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The Geopolitics of Myanmar

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Since ancient times, the land known today as Myanmar has been famous for its wealth in natural resources of all kinds.

The Sanskrit name Suvarnabhumi, meaning “Golden Land,” has been associated with Myanmar for over two millennia.

Myanmar is geologically very rich, and mining is significant as a large-scale industry

Mineral occurrences cover all sectors, including base metals (gold, copper, silver, lead, zinc, tin, antimony, iron, etc.), industrial minerals, energy sources (mainly coal), gems (jade, rubies, sapphires, etc.), as well as “rare earth” minerals.

Myanmar is perhaps best known for gold, jade, rubies, and sapphires. It is estimated that in the past, 90 percent of the world’s rubies came from Myanmar.

Myanmar is also one of the world’s oldest oil producers, having first exported its first barrel in 1853 while under British colonial rule.

Myanmar’s energy ministry lists proven crude oil reserve estimates of $3.2 billion barrels and gas reserves of 11.8 trillion cubic feet (placing it about eight in the world)

With its untapped natural resources, large potential of its nascent markets and strategic geographic location connecting South and Southeast Asia (and mainland China), Myanmar is a geopolitical asset.

Aside from its economic value, Myanmar’s strategic location serves as an important link for China’s market expansion in South and Southeast Asia.

A critical lifeline for China is access to maritime routes. The main and historic ports of China sit along the South and East China seas and are problematic due to their exposure to the Malacca Strait choke point.

China can overcome this constraint in multiple ways, including bypassing it altogether with direct land access to the Indian Ocean.

China’s approach to securing this overland access to the Indian Ocean is through Myanmar.

But to achieve this goal, China must have influence over, or be on good terms with, Myanmar’s government.

U.S.-Burmese ties had been on a downward trajectory since the military coup in 1988. The U.S. responded by imposing sanctions, banning imports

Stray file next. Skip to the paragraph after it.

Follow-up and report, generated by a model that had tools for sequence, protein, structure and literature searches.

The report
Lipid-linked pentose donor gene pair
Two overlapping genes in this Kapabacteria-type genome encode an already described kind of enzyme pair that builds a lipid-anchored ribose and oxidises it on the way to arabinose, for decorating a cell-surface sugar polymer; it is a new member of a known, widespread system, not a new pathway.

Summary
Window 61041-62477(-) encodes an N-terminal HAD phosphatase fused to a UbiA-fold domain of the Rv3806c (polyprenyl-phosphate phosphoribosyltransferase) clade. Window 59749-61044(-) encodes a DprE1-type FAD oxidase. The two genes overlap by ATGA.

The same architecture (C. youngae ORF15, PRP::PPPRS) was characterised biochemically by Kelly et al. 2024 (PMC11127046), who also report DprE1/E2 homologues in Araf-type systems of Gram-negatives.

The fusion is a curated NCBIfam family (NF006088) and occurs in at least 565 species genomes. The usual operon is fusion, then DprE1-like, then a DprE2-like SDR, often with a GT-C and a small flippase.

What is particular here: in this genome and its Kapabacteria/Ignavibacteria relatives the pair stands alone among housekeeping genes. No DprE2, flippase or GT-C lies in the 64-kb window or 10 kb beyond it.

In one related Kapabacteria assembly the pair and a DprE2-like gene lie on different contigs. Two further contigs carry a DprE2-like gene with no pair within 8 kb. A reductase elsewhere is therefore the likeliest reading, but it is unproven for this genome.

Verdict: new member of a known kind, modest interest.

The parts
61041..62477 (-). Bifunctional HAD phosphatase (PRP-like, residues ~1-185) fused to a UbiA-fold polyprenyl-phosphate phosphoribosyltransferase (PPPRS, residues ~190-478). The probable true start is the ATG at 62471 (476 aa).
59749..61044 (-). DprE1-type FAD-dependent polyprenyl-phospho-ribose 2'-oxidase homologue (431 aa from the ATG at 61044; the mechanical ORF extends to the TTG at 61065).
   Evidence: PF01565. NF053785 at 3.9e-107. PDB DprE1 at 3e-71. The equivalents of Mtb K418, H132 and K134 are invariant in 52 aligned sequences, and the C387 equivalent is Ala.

During this period of disengagement from the ruling junta, neighboring China was moving in and gaining influence.

China became a leading trade partner of Myanmar and developed extensive diplomatic, commercial, and military ties.

China gained access to Burmese ports in the Bay of Bengal, which provided it with the ability to project power and establish a military foothold in the region

It also assisted in the development of a port at Kyaukpyu. This is significant, as the Chinese are developing an oil and natural gas pipeline directly to China

This pipeline would enable China to import oil from the Middle East while bypassing the Straits of Malacca

The advancement of U.S.-Burmese relations will have profound strategic implications for China as it nervously watches the U.S. moves in the region.

The competition over Myanmar is also core reason why both America and China have ignored the ethnic cleansing of Rohingya Muslims in Burma.

As the geopolitical competition between America and China intensify, Myanmar, will increasingly make the news and the region is likely to have profound implications in the future.

The Chinese have feared that the U.S. would block Chinese oil imports in a crisis by closing the straits, and this pipeline would safeguard against this.

But the US recently began a process of normalizing ties with Myanmar following a long period of estrangement

In November 2012, Obama became the first American President to visit Myanmar. This was within a year after Hillary Clinton announced America’s “Pivot to Asia”

The Pivot to Asia  features the U.S. focusing additional military and diplomatic resources on the region to counter a rising China

As the U.S. and Myanmar develop closer relations, these Chinese inroads into Myanmar are under threat, and the potential strategic losses for China are serious.

The advancement of U.S.-Burmese relations will have profound strategic implications for China as it nervously watches the U.S. moves in the region.

The competition over Myanmar is also core reason why both America and China have ignored the ethnic cleansing of Rohingya Muslims in Burma.

As the geopolitical competition between America and China intensify, Myanmar, will increasingly make the news and the region is likely to have profound implications in the future.

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